where the student started, and (6) understanding of the bigger picture of the
VIDEOTAPED DEMONSTRATIONS. CTE is collecting data on a task that has been
developed by a high school teacher in charge of a mechanical engineering program
for 11th and 12th graders at Brooklyn Technical High School. Working together on
design teams, students design and construct mechanical devices according to a
design brief that describes technical specifications. The students must
"demonstrate" their work and explain before a panel of judges from the field of
engineering how their devices work and why they made certain design decisions.
Students are then required to subject the devices to a functional test. For
example, one project required students to design a device which can lift and
lower "heavy" objects and place them at specified locations. The functional test
required students to demonstrate that the devices they constructed could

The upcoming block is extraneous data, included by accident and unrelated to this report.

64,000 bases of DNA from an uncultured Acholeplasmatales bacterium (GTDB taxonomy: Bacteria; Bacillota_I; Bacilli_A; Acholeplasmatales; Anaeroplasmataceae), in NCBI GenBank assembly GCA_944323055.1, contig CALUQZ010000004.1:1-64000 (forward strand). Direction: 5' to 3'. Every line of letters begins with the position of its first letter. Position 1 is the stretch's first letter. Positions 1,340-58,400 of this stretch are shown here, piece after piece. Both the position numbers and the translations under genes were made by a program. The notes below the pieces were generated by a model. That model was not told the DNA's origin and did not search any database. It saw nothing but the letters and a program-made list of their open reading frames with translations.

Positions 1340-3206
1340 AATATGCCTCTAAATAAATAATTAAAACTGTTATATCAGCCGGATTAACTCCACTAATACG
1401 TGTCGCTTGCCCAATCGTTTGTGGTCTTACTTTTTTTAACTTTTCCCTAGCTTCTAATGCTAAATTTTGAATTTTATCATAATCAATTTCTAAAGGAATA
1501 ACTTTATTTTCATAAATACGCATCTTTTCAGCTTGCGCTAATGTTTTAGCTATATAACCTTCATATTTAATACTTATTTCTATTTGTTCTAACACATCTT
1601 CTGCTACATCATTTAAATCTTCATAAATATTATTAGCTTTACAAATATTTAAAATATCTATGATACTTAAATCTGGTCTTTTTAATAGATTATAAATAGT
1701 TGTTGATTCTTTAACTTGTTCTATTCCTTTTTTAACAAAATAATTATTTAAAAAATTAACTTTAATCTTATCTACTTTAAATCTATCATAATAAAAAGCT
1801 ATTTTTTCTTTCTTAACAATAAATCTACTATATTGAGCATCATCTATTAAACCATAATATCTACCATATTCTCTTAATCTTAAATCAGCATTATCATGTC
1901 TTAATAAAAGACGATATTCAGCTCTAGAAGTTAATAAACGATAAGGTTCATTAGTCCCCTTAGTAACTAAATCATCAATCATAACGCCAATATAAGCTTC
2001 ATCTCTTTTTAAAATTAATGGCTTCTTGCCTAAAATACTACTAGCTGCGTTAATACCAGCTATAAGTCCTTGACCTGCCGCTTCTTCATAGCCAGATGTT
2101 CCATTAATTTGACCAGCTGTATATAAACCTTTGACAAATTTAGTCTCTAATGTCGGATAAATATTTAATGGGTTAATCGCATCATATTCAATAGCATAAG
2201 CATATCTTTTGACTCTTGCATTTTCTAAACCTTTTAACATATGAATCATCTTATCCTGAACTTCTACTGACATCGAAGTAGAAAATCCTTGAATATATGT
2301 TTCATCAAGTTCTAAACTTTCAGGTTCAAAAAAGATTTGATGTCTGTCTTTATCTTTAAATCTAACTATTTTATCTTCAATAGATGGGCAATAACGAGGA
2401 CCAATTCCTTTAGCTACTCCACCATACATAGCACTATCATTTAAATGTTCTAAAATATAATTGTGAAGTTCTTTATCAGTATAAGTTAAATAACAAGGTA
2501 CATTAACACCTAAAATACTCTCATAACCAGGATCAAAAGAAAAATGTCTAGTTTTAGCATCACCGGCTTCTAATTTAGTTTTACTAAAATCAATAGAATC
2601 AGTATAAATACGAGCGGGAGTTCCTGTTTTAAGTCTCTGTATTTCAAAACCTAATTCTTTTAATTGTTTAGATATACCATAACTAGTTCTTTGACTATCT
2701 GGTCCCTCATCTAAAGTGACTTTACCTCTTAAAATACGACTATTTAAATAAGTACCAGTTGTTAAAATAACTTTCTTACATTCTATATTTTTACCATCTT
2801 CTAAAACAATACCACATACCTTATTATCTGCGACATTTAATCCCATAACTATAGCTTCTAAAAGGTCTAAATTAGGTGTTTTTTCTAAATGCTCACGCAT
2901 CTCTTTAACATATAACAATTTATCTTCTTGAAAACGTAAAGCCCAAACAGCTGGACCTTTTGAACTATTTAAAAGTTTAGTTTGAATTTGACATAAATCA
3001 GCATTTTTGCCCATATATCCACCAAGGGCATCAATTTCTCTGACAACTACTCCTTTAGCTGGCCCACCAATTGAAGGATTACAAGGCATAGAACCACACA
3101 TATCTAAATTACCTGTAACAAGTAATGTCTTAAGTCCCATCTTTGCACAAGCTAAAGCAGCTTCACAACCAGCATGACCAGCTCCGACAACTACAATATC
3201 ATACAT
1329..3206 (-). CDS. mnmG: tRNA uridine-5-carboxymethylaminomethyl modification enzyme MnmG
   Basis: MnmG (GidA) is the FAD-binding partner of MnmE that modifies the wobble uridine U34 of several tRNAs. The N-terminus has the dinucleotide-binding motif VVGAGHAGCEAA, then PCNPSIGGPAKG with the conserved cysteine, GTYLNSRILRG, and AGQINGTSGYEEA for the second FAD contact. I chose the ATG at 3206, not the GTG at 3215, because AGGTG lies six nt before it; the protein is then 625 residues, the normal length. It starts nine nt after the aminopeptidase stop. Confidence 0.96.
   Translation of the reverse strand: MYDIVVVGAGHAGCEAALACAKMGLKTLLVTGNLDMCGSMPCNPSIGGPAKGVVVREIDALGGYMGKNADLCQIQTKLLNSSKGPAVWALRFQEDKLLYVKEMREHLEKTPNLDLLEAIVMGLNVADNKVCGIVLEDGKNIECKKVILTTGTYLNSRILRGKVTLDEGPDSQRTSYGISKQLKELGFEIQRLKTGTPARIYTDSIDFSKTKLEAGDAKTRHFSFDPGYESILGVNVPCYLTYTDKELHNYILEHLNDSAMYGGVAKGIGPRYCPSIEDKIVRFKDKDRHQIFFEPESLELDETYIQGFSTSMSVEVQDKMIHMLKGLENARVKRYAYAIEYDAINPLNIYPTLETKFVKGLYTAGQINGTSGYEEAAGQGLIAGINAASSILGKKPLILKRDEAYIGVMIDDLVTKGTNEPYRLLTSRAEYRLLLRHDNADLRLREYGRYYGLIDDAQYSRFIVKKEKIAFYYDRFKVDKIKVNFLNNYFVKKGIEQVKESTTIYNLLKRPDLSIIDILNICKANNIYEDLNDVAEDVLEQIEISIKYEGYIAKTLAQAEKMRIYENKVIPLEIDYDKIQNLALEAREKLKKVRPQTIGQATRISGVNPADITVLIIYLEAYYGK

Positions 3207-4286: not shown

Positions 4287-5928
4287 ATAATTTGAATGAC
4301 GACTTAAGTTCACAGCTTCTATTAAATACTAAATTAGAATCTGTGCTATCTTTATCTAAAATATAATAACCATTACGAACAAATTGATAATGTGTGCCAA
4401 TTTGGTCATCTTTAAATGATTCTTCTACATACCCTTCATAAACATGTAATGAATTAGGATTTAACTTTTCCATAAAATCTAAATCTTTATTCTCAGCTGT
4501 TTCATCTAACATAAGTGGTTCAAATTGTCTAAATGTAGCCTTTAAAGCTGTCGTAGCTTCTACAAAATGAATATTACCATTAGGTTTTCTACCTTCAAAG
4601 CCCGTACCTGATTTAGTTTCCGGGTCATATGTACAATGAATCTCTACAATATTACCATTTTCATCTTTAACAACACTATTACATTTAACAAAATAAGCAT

successfully lift and deliver three weights to a specified location in less than
The students' performances on this task are evaluated on two levels: the
quality of the oral presentation, and the quality of the device. The oral
presentation can be evaluated in terms of: (1) depth of understanding of the
principles and mechanisms, and (2) clarity and completeness of the presentation.
The device can be evaluated in terms of: (1) the economy of design (the degree
to which there was an economical use of materials); (2) craftsmanship (degree of
care in fabrication and assembly of device), (3) aesthetics, (4) creativity
(interesting or novel ways of accomplishing the design), and (5) controllability
(stability of the device).
These tasks provide interesting windows into students' abilities in the
physical sciences. To complete the picture of students' performances, however,
this evidence should become part of a larger portfolio of records of their work
on a project, such as written descriptions, analyses, and journals.